When Karen Piper was 6, her family moved to the Mojave Desert. In A Girl's Guide To Missiles she describes how her parents designed weapons, but she didn't understand how it all connected to war.
Proposed measures by struggling local authority had not considered statutory duties closely enough, judge rules A young girl and her family who took on Northamptonshire county council over its plans to close 21 libraries have claimed a win in the high court, after a judge ruled that the cash-strapped council would have to revisit its plans while paying attention to its legal obligations. Mrs Justice Yip, announcing her judicial review judgment on Tuesday, found that the council's decision-making process had been unlawful, and that it had not properly considered whether it would be operating a comprehensive and efficient library service - as required by law - once the much-criticised closures had gone ahead. Continue reading.
Journalist Vince Beiser's no-nonsense writing makes light reading of a grim subject, the past and future of sand, but it paints a telling picture of how great a problem lies before us.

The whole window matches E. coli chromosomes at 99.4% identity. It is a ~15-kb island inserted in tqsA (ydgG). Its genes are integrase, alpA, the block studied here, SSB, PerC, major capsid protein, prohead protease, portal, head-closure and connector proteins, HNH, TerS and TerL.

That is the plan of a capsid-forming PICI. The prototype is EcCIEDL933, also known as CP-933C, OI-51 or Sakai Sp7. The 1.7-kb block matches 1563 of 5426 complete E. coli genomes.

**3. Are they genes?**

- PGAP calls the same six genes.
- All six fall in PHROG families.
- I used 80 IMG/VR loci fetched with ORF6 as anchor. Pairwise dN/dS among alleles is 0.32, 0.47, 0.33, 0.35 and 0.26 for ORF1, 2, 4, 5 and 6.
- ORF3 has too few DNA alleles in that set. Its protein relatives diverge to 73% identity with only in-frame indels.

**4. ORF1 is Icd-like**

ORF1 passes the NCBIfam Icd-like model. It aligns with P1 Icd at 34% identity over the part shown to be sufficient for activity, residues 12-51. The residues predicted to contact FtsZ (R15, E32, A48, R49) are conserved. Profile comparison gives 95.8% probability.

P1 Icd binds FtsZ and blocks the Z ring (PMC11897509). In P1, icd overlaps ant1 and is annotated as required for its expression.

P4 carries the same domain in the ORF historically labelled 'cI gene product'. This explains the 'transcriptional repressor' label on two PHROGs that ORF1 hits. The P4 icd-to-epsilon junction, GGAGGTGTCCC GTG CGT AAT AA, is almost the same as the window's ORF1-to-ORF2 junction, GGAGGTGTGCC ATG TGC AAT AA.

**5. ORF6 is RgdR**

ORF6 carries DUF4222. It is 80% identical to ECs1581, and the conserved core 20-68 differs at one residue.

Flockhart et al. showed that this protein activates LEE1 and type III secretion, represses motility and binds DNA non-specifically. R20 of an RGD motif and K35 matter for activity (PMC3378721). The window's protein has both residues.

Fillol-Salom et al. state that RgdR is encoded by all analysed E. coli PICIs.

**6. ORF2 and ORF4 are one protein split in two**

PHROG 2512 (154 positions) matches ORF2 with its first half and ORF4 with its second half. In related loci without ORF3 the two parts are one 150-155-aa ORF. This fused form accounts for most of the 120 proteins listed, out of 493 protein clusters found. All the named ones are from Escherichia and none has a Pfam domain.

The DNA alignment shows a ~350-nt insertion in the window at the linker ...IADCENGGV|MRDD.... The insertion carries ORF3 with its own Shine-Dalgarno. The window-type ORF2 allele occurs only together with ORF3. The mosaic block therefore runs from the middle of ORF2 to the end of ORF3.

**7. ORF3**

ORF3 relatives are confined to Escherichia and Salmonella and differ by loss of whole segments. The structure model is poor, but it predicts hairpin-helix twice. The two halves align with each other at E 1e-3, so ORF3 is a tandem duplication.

The Moonstone certainly has elements of breathless storytelling, but some of its thrills derive from the precision of its down-to-earth details In 1871, Thomas Hardy approvingly described the sensation novel as a long and intricately inwrought chain of circumstance that involved murder, blackmail, illegitimacy, impersonation, eavesdropping, multiple secrets, a suggestion of bigamy, amateur and professional detectives. Give or take a bit of illegitimacy, this could be a direct description of The Moonstone. Except that's only half the story.
Kate Walbert's new novel follows a young woman who goes to a posh boarding school after tragedy upends her life only to find she's no safer there than she was at home.
Nate Chinen's new book Playing Changes: Jazz for the New Century identifies the key players in the genre's resurgence. Chinen's aim with the books is to get the root of the resurgence.
A new survey of western black radical thought is lucid, fluent and compelling. Black radicalism, Kehinde Andrews argues, is the most misunderstood ideology of the 20th century. And he's right.
We explore the unhealthy nature of modern life with Haig in Notes on a Nervous Planet, while Dalcher talks about her thriller Vox This week we hear from the bestselling novelist Matt Haig about his latest work of non-fiction, Notes on a Nervous Planet, which examines the challenges of living in the 21st century. And we peer into the future with linguist Christina Dalcher, who imagines a world where women are only allowed to speak 100 words a day in her action-packed debut novel Vox. Continue reading.